02/27/2009 05:12 am ET Updated May 25, 2011

What Next, Obama Volunteers?

In a widely-seen YouTube clip, Obama appealed to his election campaign volunteers to join a new organization, Organizing for America (OFA). He called the organization that got him elected "the largest grassroots movement in history" and said of his agenda as president, "We can not do this without you..."

Last night, in an interview that you can hear here, I asked author Randy Shaw if this had ever been done before, and if it possibly could be done: can an elected politician start a mass grassroots movement? Can it work to promote major change?

Shaw's article "After the Victory: Engaging Obama Volunteers" in Tikkun's election issue drew on his study of the way Cesar Chavez and the United Farm Workers engaged a generation of young radicals to turn their ideals into effective political achievement in the 1960s and 70s. Though the UFW effort eventually petered out, the radicals it had trained spread out through many organizations and have maintained a lifelong activism. In this ability to engage volunteers the UFW was unequalled. What can Obama's people learn from it?

Shaw says the main problem so far is that Obama campaign manager David Plouffe says the new Organizing for America volunteers will not be allowed to pressure elected Democrats. If Plouffe holds to that, how much use can OFA be? Democrats will be running Congress and many state legislatures as well as the White House and governships, and this grassroots activist movement will not be permitted to pressure them? What happens, asks Shaw, after you have had the town meetings on the Obama health proposals, for example, and you have rallied crowds and got their energy up, and your Democratic Representative is still not going for a strong plan. You're not allowed to lobby her office, demonstrate in the street outside, deluge her with emails, blog your heart out? Obama is on record as ideally preferring a single payer health plan, but opting for the mish-mash he promoted on the campaign trail because single payer was not yet politically feasible. So what if the nationwide movement currently building for single payer changes the political climate and makes it appear more feasible? Where will the Organizing for America volunteers stand? Once they are fired up, can Plouffe rein them in? Will he even want to, or were his words just what he had to say to appease Democratic lawmakers? Would Obama welcome a huge movement on his left pressuring him to the progressive side, so that he can compromise between them and the right? After all, it is the extremes that define the center. The center moved dramatically to the right in the last 40 years, not least because the extreme right made even the old centrist Republicans look left. Obama can be a centrist while moving the center back towards the left, if he has a large enough movement further out to his left.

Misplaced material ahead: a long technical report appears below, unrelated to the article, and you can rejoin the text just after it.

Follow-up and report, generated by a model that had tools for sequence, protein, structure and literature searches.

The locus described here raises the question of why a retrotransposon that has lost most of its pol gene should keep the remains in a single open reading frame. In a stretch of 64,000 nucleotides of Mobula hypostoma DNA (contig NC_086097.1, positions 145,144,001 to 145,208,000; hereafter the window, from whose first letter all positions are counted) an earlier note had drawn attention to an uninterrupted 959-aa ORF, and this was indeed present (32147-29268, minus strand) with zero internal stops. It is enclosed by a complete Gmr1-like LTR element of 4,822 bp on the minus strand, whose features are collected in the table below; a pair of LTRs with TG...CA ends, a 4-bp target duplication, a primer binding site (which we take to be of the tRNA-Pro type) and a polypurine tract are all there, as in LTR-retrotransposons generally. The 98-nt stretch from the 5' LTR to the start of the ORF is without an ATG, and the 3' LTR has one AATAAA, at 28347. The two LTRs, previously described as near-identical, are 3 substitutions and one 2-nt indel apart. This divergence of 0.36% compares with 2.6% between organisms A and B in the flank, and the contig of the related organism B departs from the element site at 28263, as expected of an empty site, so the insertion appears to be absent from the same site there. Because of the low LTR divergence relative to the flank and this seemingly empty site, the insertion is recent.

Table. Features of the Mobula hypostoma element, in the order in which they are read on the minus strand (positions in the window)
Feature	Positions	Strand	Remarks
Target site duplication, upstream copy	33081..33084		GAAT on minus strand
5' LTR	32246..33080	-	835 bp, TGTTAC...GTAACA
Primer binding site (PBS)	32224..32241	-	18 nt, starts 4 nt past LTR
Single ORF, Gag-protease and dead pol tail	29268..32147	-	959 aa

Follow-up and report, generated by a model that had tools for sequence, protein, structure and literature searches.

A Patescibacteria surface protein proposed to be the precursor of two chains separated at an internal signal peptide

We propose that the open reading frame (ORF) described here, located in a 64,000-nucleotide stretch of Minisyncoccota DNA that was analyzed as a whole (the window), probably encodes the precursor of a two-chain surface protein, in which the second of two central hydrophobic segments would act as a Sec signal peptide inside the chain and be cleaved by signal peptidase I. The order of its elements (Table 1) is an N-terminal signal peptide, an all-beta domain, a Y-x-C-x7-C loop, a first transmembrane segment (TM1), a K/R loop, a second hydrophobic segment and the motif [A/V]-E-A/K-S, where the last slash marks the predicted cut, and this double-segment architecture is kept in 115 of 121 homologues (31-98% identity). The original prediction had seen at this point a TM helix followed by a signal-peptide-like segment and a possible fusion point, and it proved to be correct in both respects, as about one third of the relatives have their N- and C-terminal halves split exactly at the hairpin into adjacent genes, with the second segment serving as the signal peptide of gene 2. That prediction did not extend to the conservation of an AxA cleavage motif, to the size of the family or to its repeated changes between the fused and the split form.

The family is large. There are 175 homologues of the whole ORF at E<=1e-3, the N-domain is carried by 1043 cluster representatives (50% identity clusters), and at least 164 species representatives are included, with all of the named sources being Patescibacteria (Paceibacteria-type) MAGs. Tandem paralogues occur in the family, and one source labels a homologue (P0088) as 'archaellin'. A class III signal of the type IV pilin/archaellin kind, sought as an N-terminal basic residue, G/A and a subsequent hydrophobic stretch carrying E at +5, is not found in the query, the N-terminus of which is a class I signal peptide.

Shaw expects that the left organizations will provide that role as best they can. But he says most Obama volunteers are not going to suddenly join radical organizations, they need to be rallied by the people who led them in the campaign. In his article, Shaw argued for an independent organization to do that. On the call last night he was reluctant to condemn OFA before it's out the gate, reluctant to say it can't be run by the Democratic Party, though he holds firm in saying it has to be able to lobby and pressure Democrats in office. That sounds contradictory. The Obama volunteers are either going to be a chorus for the Democratic party whatever it does, or they are going to pressure it to live up to the global warming, civil liberties, healthcare and other visions that attracted them to Obama's campaign in the first place.